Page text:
Fiction Workshop: An Introduction to Fiction Writing
195.00

Level: Introductory

Location: Online
Duration: 8 weeks
Begins: October 1, 2018
Ends: November 25, 2018

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Fiction Workshop: Intermediate Fiction Writing
195.00

Level: Intermediate

Location: Online
Duration: 8 weeks
Begins: October 1, 2018
Ends: November 25, 2018

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Fiction Workshop: Advanced Fiction Writing
195.00

Level: Advanced

Location: Online
Duration: 8 weeks
Begins: October 1, 2018
Ends: November 25, 2018

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Nonfiction Workshop: An Introduction to Nonfiction Writing
195.00

Level: Introductory

Location: Online
Duration: 8 weeks
Begins: October 1, 2018
Ends: November 25, 2018

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Nonfiction Workshop: Intermediate Nonfiction Writing
195.00

Level: Intermediate

Location: Online
Duration: 8 weeks
Begins: October 1, 2018
Ends: November 25, 2018

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Nonfiction Workshop: Advanced Nonfiction Writing
195.00

Level: Advanced

Location: Online
Duration: 8 weeks
Begins: October 1, 2018
Ends: November 25, 2018

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Screenwriting Workshop: An Introduction to Writing for the Screen
195.00

Level: Introductory

Location: Online
Duration: 8 weeks
Begins: October 1, 2018
Ends: November 25, 2018

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Screenwriting Workshop: Intermediate Screenplay Writing
195.00

Level: Intermediate

Location: Online
Duration: 8 weeks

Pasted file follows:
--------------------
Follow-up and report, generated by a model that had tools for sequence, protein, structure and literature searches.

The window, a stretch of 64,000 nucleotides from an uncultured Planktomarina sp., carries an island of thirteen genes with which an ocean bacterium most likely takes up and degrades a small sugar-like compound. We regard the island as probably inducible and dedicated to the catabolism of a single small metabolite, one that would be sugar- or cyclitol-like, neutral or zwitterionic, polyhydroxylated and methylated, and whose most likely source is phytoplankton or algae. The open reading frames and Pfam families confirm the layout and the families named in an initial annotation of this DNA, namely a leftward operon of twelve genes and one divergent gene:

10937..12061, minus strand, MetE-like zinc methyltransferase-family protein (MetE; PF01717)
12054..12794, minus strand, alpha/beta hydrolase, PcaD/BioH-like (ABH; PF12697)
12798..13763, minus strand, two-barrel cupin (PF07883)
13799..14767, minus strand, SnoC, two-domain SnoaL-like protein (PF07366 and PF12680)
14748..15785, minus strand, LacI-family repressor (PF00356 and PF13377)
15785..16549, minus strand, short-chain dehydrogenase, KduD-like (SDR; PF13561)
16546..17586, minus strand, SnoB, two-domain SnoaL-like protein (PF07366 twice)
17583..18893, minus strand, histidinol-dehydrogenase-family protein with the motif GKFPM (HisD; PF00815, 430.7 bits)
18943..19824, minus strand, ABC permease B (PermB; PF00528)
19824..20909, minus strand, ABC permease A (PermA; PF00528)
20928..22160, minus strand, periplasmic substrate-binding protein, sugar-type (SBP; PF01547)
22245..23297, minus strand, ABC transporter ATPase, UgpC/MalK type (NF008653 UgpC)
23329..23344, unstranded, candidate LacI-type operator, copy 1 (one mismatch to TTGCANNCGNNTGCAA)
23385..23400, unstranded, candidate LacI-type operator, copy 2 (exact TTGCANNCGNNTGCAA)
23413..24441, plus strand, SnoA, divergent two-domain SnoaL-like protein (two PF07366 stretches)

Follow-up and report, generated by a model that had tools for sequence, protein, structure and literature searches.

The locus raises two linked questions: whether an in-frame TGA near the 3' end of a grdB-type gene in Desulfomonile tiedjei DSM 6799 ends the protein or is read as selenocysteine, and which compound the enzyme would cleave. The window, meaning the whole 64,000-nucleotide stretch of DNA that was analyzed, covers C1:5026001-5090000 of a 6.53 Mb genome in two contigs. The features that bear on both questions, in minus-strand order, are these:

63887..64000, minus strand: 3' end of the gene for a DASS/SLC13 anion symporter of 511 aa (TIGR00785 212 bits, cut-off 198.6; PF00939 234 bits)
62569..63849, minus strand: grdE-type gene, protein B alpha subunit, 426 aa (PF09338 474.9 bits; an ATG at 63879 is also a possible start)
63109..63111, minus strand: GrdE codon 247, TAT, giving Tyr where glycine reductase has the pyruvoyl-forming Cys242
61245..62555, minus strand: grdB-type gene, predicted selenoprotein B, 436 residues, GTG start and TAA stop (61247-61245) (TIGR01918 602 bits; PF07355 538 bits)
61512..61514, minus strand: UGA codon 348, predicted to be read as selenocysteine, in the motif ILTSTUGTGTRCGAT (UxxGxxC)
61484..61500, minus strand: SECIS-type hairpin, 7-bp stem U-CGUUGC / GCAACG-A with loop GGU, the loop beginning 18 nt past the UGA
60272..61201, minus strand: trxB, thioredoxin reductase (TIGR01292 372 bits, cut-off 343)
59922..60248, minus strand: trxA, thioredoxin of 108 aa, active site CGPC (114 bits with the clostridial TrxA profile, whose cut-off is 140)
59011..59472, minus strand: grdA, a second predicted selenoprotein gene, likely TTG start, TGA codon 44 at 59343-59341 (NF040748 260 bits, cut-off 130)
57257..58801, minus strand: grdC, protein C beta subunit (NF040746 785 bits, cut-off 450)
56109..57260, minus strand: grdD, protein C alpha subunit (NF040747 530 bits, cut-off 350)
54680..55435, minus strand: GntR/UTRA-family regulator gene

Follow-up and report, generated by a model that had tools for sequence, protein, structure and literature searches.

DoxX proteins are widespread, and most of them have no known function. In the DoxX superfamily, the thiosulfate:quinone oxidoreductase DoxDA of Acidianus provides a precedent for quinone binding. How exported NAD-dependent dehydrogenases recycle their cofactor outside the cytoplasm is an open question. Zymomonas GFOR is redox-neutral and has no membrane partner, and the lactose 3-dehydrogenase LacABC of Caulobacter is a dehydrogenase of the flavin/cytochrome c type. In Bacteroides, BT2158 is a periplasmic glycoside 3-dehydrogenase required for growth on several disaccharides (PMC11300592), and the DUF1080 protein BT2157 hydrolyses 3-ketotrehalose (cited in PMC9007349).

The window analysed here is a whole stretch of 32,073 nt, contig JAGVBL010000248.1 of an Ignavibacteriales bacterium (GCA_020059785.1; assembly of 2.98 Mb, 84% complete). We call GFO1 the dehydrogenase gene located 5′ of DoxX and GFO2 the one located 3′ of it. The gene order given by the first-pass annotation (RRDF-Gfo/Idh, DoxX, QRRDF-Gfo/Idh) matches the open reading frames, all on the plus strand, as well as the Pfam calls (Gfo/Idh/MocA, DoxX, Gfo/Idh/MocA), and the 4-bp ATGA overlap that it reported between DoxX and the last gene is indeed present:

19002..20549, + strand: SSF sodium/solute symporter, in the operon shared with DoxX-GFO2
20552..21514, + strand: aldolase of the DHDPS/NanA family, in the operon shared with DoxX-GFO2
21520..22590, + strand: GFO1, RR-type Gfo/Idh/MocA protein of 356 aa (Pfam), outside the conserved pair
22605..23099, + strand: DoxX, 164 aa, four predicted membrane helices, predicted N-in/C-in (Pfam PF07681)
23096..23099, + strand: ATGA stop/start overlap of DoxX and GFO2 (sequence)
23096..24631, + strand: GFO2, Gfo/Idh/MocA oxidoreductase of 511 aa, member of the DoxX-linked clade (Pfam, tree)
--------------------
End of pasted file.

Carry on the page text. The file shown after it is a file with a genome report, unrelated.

Begins: October 1, 2018
Ends: November 25, 2018

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Screenwriting Workshop: Advanced Screenplay Writing
195.00

Level: Advanced

Location: Online
Duration: 8 weeks
Begins: October 1, 2018
Ends: November 25, 2018

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A few words about the subjects we are teaching…

Fiction

Fiction transports us. It’s make believe that inspires us to dream, hope and wonder.

Whether it be literary, romance, young adult, science fiction, fantasy, mystery or any of the myriad genre possibilities—the created worlds in stories contain the power to lift us up and move us. Writing those fictional words is a magical, transporting experience for the writer too.

Imagine, if you will, sitting down at your computer and placing one word after the other to eventually create a new reality. Something sparks an idea. Maybe you see a mother chasing after her runaway toddler in the park on your morning run. And, for whatever reason, that moment inspires a story. Maybe it’s comedic. The kid has been a runner since he could walk. The mother spends all her time chasing him down. For some reason, he just wants to get away.

Where’s he going? What’s he trying to escape? His impending adulthood? Possibly. Write it out to find out. Half the fun in writing an idea is seeing where the characters you create take you. It’s a mystical (and addictive) experience.

Nonfiction

The word essay comes from the French word essayer—“to try” or “to attempt.”